3. More Inclusive Recruitment
Inclusive recruitment is the process of recruitment that involves recruiting diverse individuals by recognising and valuing different sets of opinions and backgrounds. The hiring process should be intersectional and consider more than just race or gender. An inclusive recruiting environment recognises how differing ideas, experiences, and values can achieve a common goal. By coming up with a diverse workforce team, your teams will be forced to think outside the box when making decisions and addressing issues in the workplace.
In most cases, coming up with a diverse team can be difficult. Sometimes, recruiters could choose candidates that they connect with personally or those that have the same qualities of employees that they already have in the company.
The first step into having a more inclusive recruitment program is to educate your team on what these biases tend to look like. Most of the biases in recruitment include religion, race, or gender. While it’s essential to be aware of these biases, other biases also exist, which prevents a recruiting team from finding the most suitable candidates. Employers should provide proper training and education to recruitment teams to minimise biases when recruiting. But this learning opportunity should go beyond just recruitment. It’s worth bringing in specialists within the industry. For example, you may need payroll recruitment support to bring in an expert that can get you the diverse coverage you need whilst still using values-driven recruiting. The other teams and departments should also be aware of the importance of having an inclusive environment.
Employers should widen their candidate search when it comes to inclusive recruitment. If your pool of candidates consists of individuals with similar backgrounds, education, and level of experience, your search might be too narrow. Besides, similar individuals use similar channels when applying for jobs. Therefore, think of more creative ways when advertising your job openings to widen your pool of candidates.
4. Leaders Training Managers
Not only is leadership training beneficial to managers, but it’s also beneficial for the company as a whole. If you promote leadership roles, you recognise their abilities, professional drive, and work ethics to succeed.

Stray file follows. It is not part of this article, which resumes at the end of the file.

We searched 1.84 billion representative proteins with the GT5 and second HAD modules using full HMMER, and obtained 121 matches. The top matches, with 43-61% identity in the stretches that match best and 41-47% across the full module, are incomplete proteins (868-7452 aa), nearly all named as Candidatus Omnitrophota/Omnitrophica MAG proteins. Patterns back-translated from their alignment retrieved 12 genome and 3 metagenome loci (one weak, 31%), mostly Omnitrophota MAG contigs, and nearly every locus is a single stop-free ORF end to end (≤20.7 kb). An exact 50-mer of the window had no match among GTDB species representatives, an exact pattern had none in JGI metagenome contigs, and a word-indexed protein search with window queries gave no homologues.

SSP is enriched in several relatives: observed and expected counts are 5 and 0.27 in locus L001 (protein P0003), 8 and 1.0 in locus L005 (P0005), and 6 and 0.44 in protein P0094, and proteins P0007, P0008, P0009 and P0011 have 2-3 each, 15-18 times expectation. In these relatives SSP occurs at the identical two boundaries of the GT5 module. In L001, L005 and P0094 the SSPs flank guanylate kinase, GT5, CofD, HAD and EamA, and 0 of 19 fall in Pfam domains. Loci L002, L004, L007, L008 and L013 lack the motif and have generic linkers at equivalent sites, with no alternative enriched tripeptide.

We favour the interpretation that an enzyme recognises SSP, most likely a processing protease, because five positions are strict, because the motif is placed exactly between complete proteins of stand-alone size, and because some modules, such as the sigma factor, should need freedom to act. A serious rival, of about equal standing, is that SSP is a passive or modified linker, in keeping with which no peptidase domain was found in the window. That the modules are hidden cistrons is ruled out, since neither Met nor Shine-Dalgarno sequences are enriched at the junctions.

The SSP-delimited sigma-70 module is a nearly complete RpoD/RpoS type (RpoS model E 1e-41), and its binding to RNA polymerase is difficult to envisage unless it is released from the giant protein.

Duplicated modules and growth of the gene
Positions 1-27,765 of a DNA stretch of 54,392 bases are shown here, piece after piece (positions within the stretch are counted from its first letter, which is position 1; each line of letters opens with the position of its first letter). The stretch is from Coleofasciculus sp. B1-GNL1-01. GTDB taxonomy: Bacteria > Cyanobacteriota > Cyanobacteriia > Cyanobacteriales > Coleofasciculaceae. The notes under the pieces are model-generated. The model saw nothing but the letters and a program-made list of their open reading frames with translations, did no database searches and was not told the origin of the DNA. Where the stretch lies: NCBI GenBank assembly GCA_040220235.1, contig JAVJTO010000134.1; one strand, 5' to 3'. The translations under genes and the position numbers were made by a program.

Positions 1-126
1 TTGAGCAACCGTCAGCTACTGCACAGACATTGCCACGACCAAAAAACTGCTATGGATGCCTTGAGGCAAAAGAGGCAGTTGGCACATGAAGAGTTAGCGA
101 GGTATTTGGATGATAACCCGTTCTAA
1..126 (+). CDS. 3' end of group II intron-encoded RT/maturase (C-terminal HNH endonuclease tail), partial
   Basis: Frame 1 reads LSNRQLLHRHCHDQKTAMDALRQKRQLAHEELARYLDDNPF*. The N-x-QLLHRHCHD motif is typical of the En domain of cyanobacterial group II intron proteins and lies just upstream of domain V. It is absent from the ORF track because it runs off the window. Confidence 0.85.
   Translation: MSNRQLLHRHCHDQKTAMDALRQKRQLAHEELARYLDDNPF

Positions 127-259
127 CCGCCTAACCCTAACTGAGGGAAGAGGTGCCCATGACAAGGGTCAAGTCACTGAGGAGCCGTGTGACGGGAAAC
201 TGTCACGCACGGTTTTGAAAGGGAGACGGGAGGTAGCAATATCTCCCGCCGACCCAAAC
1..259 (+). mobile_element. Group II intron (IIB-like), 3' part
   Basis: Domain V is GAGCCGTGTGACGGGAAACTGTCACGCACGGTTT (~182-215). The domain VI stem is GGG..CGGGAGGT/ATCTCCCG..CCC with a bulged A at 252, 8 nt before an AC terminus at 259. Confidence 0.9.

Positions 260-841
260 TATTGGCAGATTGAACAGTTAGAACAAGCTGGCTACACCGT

Managers who lack the necessary skill sets and training can be risky to promote, potentially leading to their downfall and, perhaps, the company. Leadership and management training courses are crucial to the long-term success of every organisation, especially if you want to promote inclusivity in the workplace. When building a high-performing team, leaders should be able to optimise the expertise of their employees and prepare the next generation of influential leaders. By teaching managers practical leadership skills, leaders can increase workplace productivity. One of the essential roles of managers is to provide direction to staff and ensure they perform at their best. During training, they will learn how to manage their teams better, assess problems, and make informed decisions.
Leadership training creates an opportunity for employees to achieve new heights in their careers. As a result, employee performance will be enhanced since they will further develop their skills through invested training. In addition, if you give employees a role that can help shape your company’s future, they will respond with loyalty. Developing existing employees is also more cost-effective than bringing in new talents, as it will not require you to spend money on advertising, recruitment, and onboarding costs.